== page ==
With COVID-19 looming over the start of the year, Mercy-hurst athletic teams were forced to adapt to new safety precautions in order to start their seasons. While fall 2020 sports are cancelled and rescheduled to start this com-ing January, sports teams are still practicing, lifting, and working toward the spring when they can hopefully compete against other PSAC teams.
This year, athletic teams are working through phases that dic-tate the number of players in con-tact with one another, how often they practice, and for how long. There are five phases that Athletics must work through to effectively practice in the COVID-19 pan-demic.
Phase 1 entailed athletic prac-tices being open for only sched-uled and supervised use, but no field coaching. Students must wear masks at all times, remain six feet apart, there can be no contact or incidental contact drills, and hand sanitizer must be used be-fore entering and exiting the play-ing surface.
The second phase allowed ath-letic venues to be scheduled, stu-dent athletes placed in pods of 12 or less, mask enforcements, and organized lifts.
The most recent phase that the athletic teams have entered is Phase 3. This phase continues en-forcing the previous phases rules but allows for athletes to be in pods of 24 or less.
With Phase 4 coming up next, the teams will have no limit on their pod sizes for practice and contact drills will be allowed.
The final phase is Phase 5, which entails all precautions list-ed in the previous phases, but athletes will only have to sanitize before entering and exiting the playing surface.
Every athlete on campus must fill out a symptom form every morning prior to them having practice and lift. This symptom form is their ticket to getting a daily wrist band from their team’s athletic trainer and being allowed to step on to the field or ice. Play-ers must also sanitize and wear a mask while practicing.
“It has definitely been an adjust-ment, but I am glad to have the opportunity to be able to play and be on the field again. I am looking forward to hopefully getting out small groups and into some larger scale playing,” Rebeca McGwin, sophomore Women’s Lacrosse player, said.
While athletes have had to adapt to their new circumstanc-es of playing their sport, coaches have also been tasked with work-ing around the COVID-19 phases and safety guidelines.
“The transition to phase two is going well. It’s about the mindset and determination of the players. I am thankful every day we have on the field, it’s definitely going well so far, but I am looking for-ward to having bigger numbers on the field. It will allow for more drills and will keep our players interested in getting better and staying motivated every day,” Sam Struss, Women’s lacrosse assistant coach, said.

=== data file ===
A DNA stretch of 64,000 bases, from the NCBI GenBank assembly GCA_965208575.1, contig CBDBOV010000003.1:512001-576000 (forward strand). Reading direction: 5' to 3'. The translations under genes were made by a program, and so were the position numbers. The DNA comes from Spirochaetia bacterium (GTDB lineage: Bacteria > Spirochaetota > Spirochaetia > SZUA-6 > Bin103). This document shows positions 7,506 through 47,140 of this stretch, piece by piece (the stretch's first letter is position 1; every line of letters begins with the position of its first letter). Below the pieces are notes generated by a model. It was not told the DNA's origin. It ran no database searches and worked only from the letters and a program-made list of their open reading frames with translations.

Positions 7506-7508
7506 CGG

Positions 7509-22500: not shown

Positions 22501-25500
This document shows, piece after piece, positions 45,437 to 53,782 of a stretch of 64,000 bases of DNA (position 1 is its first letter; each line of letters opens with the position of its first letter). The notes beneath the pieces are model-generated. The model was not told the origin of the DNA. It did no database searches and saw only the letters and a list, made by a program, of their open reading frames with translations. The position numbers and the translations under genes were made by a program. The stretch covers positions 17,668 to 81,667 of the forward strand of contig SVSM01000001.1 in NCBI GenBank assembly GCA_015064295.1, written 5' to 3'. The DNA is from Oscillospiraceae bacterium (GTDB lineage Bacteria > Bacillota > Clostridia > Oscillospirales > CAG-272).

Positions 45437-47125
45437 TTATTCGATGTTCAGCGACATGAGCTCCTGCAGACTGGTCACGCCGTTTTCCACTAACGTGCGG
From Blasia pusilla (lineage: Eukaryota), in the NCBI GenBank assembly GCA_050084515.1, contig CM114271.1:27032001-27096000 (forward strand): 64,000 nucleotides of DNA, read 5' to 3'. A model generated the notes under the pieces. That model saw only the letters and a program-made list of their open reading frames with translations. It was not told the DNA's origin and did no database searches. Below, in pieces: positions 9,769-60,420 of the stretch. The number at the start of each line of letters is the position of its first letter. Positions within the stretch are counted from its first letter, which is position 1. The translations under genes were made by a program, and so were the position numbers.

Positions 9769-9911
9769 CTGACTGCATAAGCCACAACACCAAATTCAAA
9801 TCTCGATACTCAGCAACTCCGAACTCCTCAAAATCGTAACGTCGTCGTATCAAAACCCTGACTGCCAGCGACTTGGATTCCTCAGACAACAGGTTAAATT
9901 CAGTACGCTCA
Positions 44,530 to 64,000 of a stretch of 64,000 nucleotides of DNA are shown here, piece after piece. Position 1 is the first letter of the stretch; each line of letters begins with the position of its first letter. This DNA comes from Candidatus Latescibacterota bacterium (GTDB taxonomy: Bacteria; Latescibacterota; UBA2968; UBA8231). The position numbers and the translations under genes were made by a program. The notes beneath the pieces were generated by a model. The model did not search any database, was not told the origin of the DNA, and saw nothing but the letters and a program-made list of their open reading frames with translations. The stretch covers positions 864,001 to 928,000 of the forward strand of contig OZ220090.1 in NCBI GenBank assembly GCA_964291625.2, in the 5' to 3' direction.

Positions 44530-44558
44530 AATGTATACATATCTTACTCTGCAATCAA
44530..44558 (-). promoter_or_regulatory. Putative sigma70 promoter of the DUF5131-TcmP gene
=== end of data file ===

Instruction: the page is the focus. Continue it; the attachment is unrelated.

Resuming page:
Kevin Cooke, head coach of the Women’s lacrosse team, spoke to the team’s progress through the phases.
“Our plan is to continue staying in the guidelines. We are excited for the next phase because it will give us an opportunity to work with more players at the same time and it’s an opportunity to socialize our team. This year is dif-ferent because we are doing every-thing backwards. Usually we start practice on high and then slow down in October and November, but as a coach you have to adapt to what is given in front of you,” Cooke said.
Fall sports will not be able to compete until 2021. Field Hock-ey is one of many fall teams cur-rently missing out on their regu-larly-scheduled game days, but the team has remained positive throughout the adversity.
“Things have been going great! It has been a big adjustment with the new COVID-19 guidelines and now a new coach,” Libby Jones, a junior Field Hockey play-er, said. “I think it has pushed us to work harder and to appreciate every moment we have togeth-er on the field or in the weight room. I think right now we are grateful for the playing time we do have because some schools in the PSAC are not together or playing, so competing is a luxury we are looking forward to.”
Athletes received news on Sept. 25 that the Athletic Department plans on advancing into Phase 4 on Oct. 5 if the things continue to go well.
Masks are allowed to be re-moved when physical distancing can be guaranteed during individ-ual drills and outdoor condition-ing drills. Teams must remain in pods of 24 and contact drills are allowed with masks on.
Collegiate athletes at Mercy-hurst and all around the country have lost or had a season post-poned. While the return to sports in 2020 has been different than past years and involves wearing masks, athletes are grateful for the opportunity to just be on the field, playing their sport.